Tough questions will have to be asked.
Is a Beauty Supply Mega-Store the best and highest way to attract consumers to the Chevy Chase Plaza? The same said for a giant thrift store warehouse with downscale clothing and goods.
How many barbershops and nail salons should operate downtown? Margate is flush with these business types.
Should establishments that sell alcohol beverages be required to offer a full menu?
Should smoking be allowed on outdoor cafes?
How much office space should fuel plazas and to what extent is the desire of the MCRA to make downtown an activity/leisure center, bustling with local consumers?
What will minimal standards be for business interiors, some of which now are rough-shod in need of electric, plumbing and ceiling work?
Will businesses be required to have ADA access for restrooms?
Will window sign rules be consistent and enforced?
Should the MCRA as landlord require prospective tenants to escrow capital contingent to signing a lease?
Will the City offer incentives to existing business owners to aid in trademarking signs, installing outdoor cafes and upgrading interiors?
With more successful storefronts will come more vehicles. Is there a plan to enhance parking facilities beyond regrading and resurfacing existing lots?
Will CCTV monitor storefronts, parking lots, and streets to discourage criminal activity and enhance consumer safety, in particular at night?
Should some existing leases not be renewed or limited to 30-day outs?
Both plazas, along with a third since demolished on the northwest corner of Margate Boulevard and 441, had thrived up until the late 1990s and turn of the millennia. Government meddling eventually led a decline in downtown business and an exodus of tenants who left rents hanging after making midnight moves from plazas. Tens of thousands of dollars was lost. Oversight of MCRA assets was befudded by powers at be and an area once bustling with people turned empty, desolate and lifeless.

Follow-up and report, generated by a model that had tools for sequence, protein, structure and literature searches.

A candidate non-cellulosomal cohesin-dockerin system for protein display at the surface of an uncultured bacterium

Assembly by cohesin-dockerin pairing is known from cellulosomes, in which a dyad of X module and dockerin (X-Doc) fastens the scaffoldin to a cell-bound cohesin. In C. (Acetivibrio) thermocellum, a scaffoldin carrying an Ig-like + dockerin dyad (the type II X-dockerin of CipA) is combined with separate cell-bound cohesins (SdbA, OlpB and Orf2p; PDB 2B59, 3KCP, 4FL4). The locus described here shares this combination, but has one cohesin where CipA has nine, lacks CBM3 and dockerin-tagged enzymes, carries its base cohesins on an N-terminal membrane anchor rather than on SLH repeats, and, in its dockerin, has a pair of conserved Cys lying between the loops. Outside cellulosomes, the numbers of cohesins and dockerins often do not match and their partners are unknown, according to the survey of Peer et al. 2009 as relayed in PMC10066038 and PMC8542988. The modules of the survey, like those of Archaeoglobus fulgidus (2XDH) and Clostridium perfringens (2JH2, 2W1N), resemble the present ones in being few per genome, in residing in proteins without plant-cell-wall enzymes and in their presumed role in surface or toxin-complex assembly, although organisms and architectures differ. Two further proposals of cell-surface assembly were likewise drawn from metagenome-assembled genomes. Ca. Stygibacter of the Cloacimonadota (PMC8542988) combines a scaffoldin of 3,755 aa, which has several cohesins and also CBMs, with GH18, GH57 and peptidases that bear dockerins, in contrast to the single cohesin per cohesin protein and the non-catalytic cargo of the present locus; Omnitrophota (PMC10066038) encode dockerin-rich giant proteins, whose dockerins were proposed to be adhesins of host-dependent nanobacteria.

Elected officials now want to change that. Fix up what the city has, and if all goes well continue foster a downtown Margate that exemplifies the "Hometown Feel” envisioned in theCity of Margate Strategic Plan. One that includes and abundance of public spaces, waterfront (back of old Swap shop entrance to Lemon Tree Lake) canoe/kayak rentals , a bandshell/amphitheater for events and potentially a community center.
A majority of elected officials on the dais may or may not approve a limited number of apartments for downtown, but have expressed on the record numerous times that city-owned lands should in large part benefit Margate taxpayers, not developers.
*Margate Shopping Center built in 1961-62 purchased by the city for $3 million in 2007
*Chevy Chase Plaza built in 1971-72 purchased for $4.6 million by the city in 2007
(Click for Map of MCRA Area Margate)
(Below: Margate Shopping Center top; Chevy Chase Plaza bottom)